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Across the country more states are taking steps to limit patients’ exposure to surprise out-of-network bills.
Hospital executives view their emergency departments as the hospital’s “front door” through which their most lucrative guests arrive. The proportion of hospital admissions admitted through the emergency room (ER) has risen from about one-third 25 years ago, to about half today. Hospitals are increasingly outsourcing their emergency departments to emergency medicine staffing agencies, who manage the ER on their behalf. This should come as no surprise. Hospitals often turn to temp agencies because staffing needs vary with admissions, time of the year, day of the week and even hours within the day. However, emergency medical staffing is different than a temp agency supplying a few extra nurses, physical therapists or speech pathologists when the need arises.
The primary way ER staffing differs from other allied health staffing is that ER physicians generate revenue for the hospital and also bill for the services they provide in the ER. A new study by Yale professors published by the National Bureau of Economic Research illustrates why this is not without controversy. A national study of data from a large insurer finds that hospital admissions, up-coding and average charges per patients sometimes rise after outside agencies take over ER staffing. While this benefits hospitals, patients complain of inflated bills, outrageous fees and (surprise) out-of-network balance billing when the physicians who staff the ER are not affiliated with area insurance networks.
Across the country patients increasingly complain after getting billed for out-of-network physician charges they did not expect. These often occur even though consumers made sure the hospital was in their network. However, they have no way to ensure physicians who provide services at the hospital are in-network. Why would hospitals not require physicians staffing their ERs to affiliate with area insurers? It’s probably because hospitals are reluctant to rock the boat when the agency is boosting ER revenue. Why would physicians in the business of staffing hospital emergency rooms not affiliation with area insurers? There are two opposing views to this question.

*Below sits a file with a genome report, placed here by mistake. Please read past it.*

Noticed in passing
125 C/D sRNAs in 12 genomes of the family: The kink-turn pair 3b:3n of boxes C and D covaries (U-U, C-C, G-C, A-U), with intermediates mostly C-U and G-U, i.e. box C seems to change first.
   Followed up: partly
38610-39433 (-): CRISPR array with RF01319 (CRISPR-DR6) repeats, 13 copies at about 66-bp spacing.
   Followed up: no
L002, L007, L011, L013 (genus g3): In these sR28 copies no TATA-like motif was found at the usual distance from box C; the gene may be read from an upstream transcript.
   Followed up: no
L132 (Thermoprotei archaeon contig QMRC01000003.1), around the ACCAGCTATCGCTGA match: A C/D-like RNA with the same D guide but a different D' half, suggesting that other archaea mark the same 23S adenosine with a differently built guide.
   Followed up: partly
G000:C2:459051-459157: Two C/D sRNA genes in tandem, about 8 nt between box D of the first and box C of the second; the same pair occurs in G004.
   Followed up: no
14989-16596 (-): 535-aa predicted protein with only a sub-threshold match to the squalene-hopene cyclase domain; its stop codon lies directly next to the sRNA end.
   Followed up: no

Doctors complain they don’t join networks because insurers low-ball them; offering paltry reimbursements in return for their services. On the other hand, insurers claim emergency medical specialties take advantage of the fact their patients are in no position to go elsewhere even though the prices are high. When treating patients whose insurer has no fee contract, ER physicians are free to charge whatever they want. Joining a network would likely yield lower fees than refusing network affiliation and playing “gotcha” when desperately-ill patients are wheeled in through the ER doors. Patients often bear the inflated balance after insurance has paid its share. One Yale researcher described this to The New York Times as a “kind of ambushing of patients.” According to the Yale analysis, EmCare and TeamHealth were both emergency medical staffing agencies they observed that increased out-of-network balance billing once they took over hospital emergency departments.
Out-of-network balance billing is more common among physician specialties whose members rarely meet with patients prior to providing care. For instance, when patients go to an emergency room they are in no position to compare fees or question the tests their doctors order. Neither are they in a position to compare fees of radiologists, anesthesiologists and pathologists, who rarely meet with them prior to providing services. Thus, it may be no coincidence that the parent company that owns EmCare is also acquiring anesthesia and radiology practices, along with some other medical businesses. Anesthesia and radiology all share similar opportunities to reject networks and balance bill for services.
Across the country more states are taking steps to limit patients’ exposure to surprise out-of-network bills. One solution is to require a “meeting of the minds” between doctor(s) and patients or hospitals and patients before a debt is collectable. This is already the standard under contract law.
Devon Herrick, PhD, is a health economist and former hospital accountant.